plant health centre.
Material at the centre is classified as nuclear (Generation 1).
When it is sent to PICO, it becomes elite (G2).
“If we send wood to a certified nursery, the resulting trees would be at the G3 or foundation level. If the nursery sells those trees, they become G4 certified. Wood from those trees then drops to being non-certified,” Haddrell explained.
To ensure that the PICO orchard remains healthy, trees are tested using an enzyme immunoassay and removed if found to be contaminated. Sterilization of pruning implements after use on each tree helps to prevent accidental spread of virus within the orchard which itself is isolated from other orchards.
PICO works closely with the Canadian Food Inspection Agency to maintain the orchard’s virus-free status. The propagation material supplied by PICO consists of twigs referred to as sticks with several buds on them. If the wood is dormant, it is called scionwood and if active, budwood. “When an order is received, sticks containing at least 10 buds are cut and wrapped in wet newsprint and wax paper and labelled,” Ibuki explained. Orders are stored in cold rooms until pick-up or delivery.
“The orchard is managed to maximize vegetative growth while minimizing fruit production. It’s exactly the opposite of what orchardists do,” Ibuki said.
The largest challenge is predicting what will be the next popular variety in order to have enough material available to growers.
A particularly promising variety is the yet-to-be named variety, SPA493. SPA493, a cross of Splendor and Gala from the PARC breeding program, is a medium sized, bicoloured red-over- yellow apple with crisp, juicy, slightly tart tasting flesh.
It stores well, has good tree structure and is currently being test-grown at six locations in the Okanagan. Research associated with the budwood orchard will account for approximately half of a $3.2 million project to be conducted by PICO to deliver new apple and cherry varieties and commercialize them during the next three years.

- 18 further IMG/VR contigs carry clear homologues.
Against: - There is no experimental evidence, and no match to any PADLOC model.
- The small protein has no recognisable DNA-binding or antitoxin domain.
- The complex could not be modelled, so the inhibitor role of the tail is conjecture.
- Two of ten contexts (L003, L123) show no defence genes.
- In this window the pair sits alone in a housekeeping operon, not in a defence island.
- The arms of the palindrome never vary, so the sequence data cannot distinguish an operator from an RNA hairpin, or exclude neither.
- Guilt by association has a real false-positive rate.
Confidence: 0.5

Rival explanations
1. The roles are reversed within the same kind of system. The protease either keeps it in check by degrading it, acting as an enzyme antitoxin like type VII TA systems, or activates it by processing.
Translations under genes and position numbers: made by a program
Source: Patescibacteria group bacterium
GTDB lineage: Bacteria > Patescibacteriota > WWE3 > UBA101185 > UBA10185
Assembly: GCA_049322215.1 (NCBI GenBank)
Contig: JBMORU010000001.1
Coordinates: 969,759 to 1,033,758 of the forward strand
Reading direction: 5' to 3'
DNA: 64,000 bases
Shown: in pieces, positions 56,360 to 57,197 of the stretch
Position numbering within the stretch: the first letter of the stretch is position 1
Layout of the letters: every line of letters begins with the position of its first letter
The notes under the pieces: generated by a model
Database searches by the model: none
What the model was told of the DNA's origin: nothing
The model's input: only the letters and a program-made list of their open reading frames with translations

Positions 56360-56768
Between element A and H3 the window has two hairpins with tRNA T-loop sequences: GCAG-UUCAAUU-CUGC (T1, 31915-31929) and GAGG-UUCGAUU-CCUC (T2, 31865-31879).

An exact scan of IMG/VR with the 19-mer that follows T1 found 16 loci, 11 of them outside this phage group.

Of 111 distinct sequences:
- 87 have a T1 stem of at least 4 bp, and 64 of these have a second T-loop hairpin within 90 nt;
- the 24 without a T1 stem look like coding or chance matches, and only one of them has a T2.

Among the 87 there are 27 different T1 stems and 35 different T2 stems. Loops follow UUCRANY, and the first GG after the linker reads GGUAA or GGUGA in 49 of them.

“Approximately 75 percent of the funds will come from federal funding and the remainder from growers’
groups and PARC,” said Ibuki, who now holds the newly created position of horticultural research technician for the project. The two main thrusts of the orchard-related work are to do trial testing in fruit-growing regions of Ontario and Quebec in addition to B.C. and to develop more
comprehensive and stricter testing regimes. “Apple and cherry varieties will be tested in B.C. and apples in the east,” Ibuki said.
The basic goal is to
determine the varieties best suited for each geographic location.
In turn this information is anticipated to lead to better returns for growers, greater selection of high quality fruit for the consumer and increased sales of PICO budwood.
Customers receive propagation material from the PICO budwood orchard in the form of sticks with at least 10 buds on each. Here, Nick Ibuki wraps SPA493 sticks in wet newsprint, which will be stored in a cold room until pick-up or delivery.
Even within the tree fruit growing areas of B.C. there is a broad spectrum of growing conditions, ranging from the semi-arid South Okanagan to the cooler, wetter regions in the north part of the valley and the coastal climes on Vancouver Island.
Ontario’s Niagara Peninsula produces most of that province’s fruit, especially soft fruit, but a substantial amount of
apples are grown in other areas such as the Georgian Sound region. Apple growing regions of Quebec include the Eastern Townships, Charlevoix and the Laurentides. All tested varieties will receive rigorous assessments by growers, packers, marketers and consumers. “There will be a more comprehensive approach to evaluation. Whether or not to develop a particular variety will be an industry decision,” Ibuki said.
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1-800-979-2993 British Columbia FRUIT GROWER • Summer 2010 FAX: 250-717-5751 17
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